A representative for Phillips also announced the former Mets general manager was entering a treatment facility "to address his personal issues."
Phillips' acknowledgment Wednesday of his relationship with 22-year-old Brooke Hundley was splashed across the New York tabloids for days, embarrassing the Bristol, Conn.-based sports giant.
"Steve Phillips is no longer working for ESPN," network spokesman Josh Krulewitz said in a statement. "His ability to be an effective representative for ESPN has been significantly and irreparably damaged, and it became evident it was time to part ways."
Phillips had taken a leave of absence after the affair became public. Krulewitz declined comment when asked Sunday night about Hundley's status with the company.
Steve Lefkowitz, Phillips' representative, said in an e-mail that his client "is voluntarily admitting himself to an inpatient treatment facility to address his personal issues, and informed ESPN of his plans Friday."
According to a police report filed in Wilton, Conn., Hundley began calling Phillips' wife, Marni, on Aug. 5 after he broke off the affair and sent her a letter graphically describing their relationship and the 46-year-old Phillips' birthmarks.
Marni Phillips called police Aug. 19 when she came home to find Hundley in her driveway. "I knew instinctively that this was the woman Steve was involved with and I was terrified," she wrote in a statement to police.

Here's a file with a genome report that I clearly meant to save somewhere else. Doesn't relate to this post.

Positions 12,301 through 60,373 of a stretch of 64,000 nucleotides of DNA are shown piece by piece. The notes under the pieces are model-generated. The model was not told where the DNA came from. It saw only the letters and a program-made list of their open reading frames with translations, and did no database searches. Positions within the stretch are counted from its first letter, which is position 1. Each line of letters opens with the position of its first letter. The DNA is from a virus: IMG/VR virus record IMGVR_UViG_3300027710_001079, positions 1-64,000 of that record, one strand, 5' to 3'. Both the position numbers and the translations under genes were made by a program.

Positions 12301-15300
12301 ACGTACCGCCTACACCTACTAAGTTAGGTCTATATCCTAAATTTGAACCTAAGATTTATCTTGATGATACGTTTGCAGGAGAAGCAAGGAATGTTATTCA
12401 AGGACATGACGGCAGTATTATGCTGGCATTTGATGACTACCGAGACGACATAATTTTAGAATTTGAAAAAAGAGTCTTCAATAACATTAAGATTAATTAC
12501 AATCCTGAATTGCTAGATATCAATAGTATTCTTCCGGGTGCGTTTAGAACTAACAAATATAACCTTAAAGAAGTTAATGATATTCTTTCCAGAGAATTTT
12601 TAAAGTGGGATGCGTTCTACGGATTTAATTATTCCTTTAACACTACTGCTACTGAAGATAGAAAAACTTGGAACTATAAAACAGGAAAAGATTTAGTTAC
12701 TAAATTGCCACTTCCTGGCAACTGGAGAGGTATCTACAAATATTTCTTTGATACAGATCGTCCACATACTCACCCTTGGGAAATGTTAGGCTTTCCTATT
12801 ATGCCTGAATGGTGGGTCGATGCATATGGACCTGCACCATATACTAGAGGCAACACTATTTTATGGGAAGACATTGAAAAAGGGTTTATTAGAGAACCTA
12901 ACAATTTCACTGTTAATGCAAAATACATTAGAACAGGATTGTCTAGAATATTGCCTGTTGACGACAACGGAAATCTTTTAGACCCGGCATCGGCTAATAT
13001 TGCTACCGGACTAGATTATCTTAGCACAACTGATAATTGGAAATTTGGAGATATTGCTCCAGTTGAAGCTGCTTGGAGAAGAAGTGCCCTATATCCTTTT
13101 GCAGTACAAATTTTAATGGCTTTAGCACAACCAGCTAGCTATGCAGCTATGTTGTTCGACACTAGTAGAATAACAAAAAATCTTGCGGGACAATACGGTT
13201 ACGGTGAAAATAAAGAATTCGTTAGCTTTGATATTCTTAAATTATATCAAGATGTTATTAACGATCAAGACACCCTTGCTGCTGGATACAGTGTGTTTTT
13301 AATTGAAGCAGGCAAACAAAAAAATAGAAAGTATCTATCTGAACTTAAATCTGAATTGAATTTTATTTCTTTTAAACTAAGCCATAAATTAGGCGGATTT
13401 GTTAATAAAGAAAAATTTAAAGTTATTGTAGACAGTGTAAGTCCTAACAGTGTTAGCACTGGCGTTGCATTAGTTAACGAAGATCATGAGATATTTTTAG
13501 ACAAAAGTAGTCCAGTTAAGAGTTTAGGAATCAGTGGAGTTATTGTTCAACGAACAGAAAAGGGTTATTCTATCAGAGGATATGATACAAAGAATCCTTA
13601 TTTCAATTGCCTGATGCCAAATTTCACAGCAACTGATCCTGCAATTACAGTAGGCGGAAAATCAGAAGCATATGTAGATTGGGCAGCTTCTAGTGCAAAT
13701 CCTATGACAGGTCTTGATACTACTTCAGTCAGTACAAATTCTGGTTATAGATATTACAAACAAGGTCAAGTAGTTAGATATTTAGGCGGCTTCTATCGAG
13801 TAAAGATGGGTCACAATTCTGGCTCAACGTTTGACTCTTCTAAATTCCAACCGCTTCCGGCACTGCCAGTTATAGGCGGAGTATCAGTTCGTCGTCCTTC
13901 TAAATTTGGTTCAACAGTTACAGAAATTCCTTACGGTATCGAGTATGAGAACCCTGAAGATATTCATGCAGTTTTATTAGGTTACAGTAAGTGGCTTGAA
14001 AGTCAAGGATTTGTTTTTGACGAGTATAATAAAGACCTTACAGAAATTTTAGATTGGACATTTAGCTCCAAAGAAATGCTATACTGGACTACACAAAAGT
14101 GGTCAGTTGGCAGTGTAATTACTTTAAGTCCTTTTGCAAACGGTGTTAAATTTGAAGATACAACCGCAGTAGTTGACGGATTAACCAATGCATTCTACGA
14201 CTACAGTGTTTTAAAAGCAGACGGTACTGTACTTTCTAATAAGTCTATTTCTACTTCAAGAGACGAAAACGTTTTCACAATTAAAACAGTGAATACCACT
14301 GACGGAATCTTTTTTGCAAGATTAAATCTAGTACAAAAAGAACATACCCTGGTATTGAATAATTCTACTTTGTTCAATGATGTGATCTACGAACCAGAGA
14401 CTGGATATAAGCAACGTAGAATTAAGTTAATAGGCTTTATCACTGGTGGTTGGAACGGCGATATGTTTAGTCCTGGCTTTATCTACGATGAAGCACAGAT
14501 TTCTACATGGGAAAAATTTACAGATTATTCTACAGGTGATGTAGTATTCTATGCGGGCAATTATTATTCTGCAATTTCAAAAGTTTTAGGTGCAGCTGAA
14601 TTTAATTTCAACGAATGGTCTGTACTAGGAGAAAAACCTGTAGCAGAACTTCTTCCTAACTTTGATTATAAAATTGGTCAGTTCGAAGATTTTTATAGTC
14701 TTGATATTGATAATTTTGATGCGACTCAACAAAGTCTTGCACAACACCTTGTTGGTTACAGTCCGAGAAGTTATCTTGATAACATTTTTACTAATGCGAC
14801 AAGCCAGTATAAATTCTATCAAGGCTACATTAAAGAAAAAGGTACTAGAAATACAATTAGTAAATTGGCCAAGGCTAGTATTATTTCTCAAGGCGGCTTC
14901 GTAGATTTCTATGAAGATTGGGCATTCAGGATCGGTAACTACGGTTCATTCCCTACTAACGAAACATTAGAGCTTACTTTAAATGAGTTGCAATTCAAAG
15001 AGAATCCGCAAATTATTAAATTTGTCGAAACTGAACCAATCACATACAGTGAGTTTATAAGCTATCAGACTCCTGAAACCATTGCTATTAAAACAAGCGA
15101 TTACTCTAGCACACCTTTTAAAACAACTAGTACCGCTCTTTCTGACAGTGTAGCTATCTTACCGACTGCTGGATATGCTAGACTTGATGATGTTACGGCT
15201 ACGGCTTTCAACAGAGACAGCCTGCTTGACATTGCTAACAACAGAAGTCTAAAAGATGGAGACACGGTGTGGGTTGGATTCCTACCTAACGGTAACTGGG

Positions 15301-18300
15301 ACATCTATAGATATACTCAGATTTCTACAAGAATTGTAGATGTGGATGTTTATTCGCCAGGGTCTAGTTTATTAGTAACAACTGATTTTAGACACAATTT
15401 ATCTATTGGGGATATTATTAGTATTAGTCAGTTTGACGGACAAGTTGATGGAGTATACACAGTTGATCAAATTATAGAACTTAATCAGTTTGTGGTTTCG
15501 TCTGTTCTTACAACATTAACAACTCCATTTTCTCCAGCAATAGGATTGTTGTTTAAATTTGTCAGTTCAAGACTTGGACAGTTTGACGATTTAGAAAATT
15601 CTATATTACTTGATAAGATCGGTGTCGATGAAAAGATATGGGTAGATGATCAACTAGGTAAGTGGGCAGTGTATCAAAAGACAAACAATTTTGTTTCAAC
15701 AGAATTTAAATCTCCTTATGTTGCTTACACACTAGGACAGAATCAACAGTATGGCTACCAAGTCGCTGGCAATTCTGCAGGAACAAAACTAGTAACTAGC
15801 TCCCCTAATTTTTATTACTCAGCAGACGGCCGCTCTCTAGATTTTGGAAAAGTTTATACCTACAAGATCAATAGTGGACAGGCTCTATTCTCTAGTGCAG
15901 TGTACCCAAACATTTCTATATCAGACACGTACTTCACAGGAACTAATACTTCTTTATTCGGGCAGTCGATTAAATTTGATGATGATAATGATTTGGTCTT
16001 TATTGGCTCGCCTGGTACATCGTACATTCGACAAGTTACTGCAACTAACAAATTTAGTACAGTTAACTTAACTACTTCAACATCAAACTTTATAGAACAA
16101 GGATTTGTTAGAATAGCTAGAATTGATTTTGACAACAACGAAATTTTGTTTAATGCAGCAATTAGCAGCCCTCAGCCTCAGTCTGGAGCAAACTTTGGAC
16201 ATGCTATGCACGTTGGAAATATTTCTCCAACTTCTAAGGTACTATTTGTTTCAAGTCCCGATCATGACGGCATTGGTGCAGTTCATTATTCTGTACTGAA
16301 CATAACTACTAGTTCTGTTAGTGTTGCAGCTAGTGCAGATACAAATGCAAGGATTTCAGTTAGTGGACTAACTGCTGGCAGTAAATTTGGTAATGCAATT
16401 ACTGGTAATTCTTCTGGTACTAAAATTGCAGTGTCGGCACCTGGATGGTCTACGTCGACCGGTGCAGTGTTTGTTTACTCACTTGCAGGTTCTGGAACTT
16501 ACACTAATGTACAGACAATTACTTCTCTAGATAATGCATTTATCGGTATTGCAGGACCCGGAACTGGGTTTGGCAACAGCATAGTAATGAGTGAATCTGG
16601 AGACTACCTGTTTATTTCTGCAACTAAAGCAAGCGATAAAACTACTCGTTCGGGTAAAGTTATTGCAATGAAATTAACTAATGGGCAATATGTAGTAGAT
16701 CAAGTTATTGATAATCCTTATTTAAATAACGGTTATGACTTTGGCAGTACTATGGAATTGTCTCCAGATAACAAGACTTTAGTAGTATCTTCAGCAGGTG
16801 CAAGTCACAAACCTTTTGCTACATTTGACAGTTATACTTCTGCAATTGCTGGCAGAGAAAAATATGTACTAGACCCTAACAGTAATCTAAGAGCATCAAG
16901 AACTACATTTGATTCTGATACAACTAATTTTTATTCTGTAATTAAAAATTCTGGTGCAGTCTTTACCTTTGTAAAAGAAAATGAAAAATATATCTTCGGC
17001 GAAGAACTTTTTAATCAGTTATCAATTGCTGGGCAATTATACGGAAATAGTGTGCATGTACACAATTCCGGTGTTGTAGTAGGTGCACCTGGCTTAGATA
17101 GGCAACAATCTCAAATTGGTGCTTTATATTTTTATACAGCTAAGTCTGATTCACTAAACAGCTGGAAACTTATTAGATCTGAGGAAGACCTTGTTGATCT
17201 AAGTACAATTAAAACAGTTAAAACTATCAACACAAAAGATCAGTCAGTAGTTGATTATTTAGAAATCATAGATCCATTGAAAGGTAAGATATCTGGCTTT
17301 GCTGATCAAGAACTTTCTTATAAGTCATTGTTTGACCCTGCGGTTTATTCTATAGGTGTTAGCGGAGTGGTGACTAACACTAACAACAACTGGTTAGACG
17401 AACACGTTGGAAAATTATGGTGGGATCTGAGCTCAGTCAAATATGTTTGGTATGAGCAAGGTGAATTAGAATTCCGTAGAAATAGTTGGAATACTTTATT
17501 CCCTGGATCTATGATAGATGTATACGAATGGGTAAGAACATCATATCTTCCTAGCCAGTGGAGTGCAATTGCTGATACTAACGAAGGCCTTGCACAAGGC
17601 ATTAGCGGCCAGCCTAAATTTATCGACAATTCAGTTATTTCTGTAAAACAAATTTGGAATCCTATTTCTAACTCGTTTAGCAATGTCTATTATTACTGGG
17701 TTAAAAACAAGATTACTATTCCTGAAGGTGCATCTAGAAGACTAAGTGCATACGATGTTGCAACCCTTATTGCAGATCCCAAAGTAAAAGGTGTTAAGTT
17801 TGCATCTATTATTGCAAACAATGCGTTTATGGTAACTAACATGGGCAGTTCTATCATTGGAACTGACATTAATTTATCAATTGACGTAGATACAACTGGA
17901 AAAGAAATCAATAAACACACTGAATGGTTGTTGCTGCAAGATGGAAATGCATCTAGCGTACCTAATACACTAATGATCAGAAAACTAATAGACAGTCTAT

Hundley also contacted Phillips' 16-year-old son through his Facebook account, according to the police report.
"This woman has clearly displayed erratic behavior and delusional tendencies," Steve Phillips said in a statement to police.
Phillips signed a statement to police that he would not press charges. The status of the police investigation was unclear Sunday. The report indicated a detective planned to interview Hundley this week when she returned from vacation.
Marni Phillips filed for divorce Sept. 14, according to court records.
In 1998, Steve Phillips admitted having sex with a Mets employee, who sued for sexual harassment. That case was settled out of court. Phillips was fired by the Mets in 2003.
Messages seeking comment were left Sunday for Phillips and Hundley.
ESPN has been troubled by a series of workplace issues involving alleged misconduct by its television personalities.
In 2006, baseball analyst Harold Reynolds was fired after a female intern complained about what he called a "brief and innocuous hug." Reynolds sued and settled with the network last year.
Last year, a judge dismissed a lawsuit filed by a makeup artist who accused hosts Jay Crawford and sports writer Woody Paige of groping and propositioning her on the set of the now-defunct show "Cold Pizza."